Effect of draft work on lactation of F1 crossbred dairy cows
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Permanent link to this item: http://hdl.handle.net/10568/50436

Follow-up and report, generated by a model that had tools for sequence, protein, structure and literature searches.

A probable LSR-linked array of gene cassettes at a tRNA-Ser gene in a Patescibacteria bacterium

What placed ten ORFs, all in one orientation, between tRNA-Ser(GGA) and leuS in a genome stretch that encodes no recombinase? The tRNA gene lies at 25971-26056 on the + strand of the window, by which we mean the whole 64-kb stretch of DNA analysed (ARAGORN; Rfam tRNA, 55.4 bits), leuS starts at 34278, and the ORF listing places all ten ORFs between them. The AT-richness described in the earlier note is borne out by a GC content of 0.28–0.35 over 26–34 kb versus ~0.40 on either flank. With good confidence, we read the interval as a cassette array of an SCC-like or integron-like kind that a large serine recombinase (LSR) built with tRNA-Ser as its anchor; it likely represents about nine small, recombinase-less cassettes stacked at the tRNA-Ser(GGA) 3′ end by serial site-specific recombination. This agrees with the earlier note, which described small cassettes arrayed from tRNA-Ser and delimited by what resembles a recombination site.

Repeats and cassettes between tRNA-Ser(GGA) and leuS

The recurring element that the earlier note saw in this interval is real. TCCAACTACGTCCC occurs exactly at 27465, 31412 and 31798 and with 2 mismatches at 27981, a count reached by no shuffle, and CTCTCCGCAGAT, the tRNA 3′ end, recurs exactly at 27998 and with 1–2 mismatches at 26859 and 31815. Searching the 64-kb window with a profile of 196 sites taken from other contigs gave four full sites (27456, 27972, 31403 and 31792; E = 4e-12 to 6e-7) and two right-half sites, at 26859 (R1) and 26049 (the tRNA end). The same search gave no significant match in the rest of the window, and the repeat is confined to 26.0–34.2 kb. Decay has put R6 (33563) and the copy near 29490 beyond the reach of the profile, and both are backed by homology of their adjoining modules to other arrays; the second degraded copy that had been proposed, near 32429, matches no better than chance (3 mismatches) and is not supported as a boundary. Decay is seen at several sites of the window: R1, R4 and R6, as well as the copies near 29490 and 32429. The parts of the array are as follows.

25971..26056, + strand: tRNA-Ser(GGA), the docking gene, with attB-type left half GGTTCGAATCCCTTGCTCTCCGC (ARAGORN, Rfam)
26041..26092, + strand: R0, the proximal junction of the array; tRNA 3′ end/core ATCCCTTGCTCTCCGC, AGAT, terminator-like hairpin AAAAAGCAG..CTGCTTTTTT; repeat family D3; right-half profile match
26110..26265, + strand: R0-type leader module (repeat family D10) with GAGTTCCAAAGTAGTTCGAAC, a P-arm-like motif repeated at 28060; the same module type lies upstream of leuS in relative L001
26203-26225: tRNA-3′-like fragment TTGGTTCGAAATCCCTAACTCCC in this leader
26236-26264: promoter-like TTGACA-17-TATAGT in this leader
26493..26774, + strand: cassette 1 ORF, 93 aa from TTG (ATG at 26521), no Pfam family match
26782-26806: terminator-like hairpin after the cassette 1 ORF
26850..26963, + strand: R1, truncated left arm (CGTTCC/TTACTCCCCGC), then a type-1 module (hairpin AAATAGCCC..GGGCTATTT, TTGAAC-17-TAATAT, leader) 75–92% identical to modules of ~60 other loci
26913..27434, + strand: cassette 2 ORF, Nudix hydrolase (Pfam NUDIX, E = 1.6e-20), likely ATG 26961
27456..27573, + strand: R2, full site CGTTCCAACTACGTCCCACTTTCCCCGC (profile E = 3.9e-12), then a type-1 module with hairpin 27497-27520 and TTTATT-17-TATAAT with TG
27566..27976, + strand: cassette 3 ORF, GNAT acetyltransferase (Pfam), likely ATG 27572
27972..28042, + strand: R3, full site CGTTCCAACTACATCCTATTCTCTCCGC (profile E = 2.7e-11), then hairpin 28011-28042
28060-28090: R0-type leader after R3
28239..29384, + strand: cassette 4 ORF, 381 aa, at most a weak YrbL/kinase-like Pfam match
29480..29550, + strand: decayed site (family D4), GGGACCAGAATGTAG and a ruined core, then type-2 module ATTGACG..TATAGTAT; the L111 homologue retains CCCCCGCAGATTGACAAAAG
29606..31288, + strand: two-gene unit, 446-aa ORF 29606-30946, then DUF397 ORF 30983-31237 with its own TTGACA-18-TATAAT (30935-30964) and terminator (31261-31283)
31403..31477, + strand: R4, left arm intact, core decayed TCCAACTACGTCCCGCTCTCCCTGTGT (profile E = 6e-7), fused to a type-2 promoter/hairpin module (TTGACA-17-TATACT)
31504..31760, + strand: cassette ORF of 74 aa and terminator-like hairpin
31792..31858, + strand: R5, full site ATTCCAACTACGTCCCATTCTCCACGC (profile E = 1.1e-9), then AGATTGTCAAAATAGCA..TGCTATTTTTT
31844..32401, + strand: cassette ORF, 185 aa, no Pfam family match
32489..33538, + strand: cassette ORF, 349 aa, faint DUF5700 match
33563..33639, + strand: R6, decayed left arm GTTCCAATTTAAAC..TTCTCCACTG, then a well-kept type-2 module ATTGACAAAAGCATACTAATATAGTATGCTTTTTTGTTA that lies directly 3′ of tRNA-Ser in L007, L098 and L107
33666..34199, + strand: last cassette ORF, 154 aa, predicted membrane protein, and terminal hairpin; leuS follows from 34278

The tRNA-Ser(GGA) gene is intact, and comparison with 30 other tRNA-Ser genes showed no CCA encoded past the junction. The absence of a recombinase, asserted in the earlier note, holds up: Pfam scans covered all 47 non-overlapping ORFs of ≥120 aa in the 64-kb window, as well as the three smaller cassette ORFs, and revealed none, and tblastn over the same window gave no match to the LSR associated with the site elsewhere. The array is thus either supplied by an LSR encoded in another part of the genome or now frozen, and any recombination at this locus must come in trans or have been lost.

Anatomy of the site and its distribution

In Ethiopia, the use of crossbred cows for traction could improve total on-farm production by decreasing the need to maintain draft oxen year-round and a fallower herd to supply replacement oxen, provided that lactation and reproduction are kept at levels comparable to non-working cows. In a study to estimate the effect of draft work on milk production and reproduction, 40 F1 crossbred dairy cows were assigned to four treatments (non-working non-supplemented, non-working supplemented, working non-supplemented, working supplemented). Working cows consumed more dry matter compared to non-working cows and supplemented cows more than non-supplemented cows. Milk production was greater in supplemented cows, but was similar in working and non-working cows. Body weight loss was greater for non-supplemented cows. Work considerably decreased reproductive ability of non-supplemented cows but only delayed onset of oestrus and conception in supplemented cows. Results indicate that feeding had a greater effect than work on milk yield and reproductive performance. Feeding strategies for draft cows are proposed.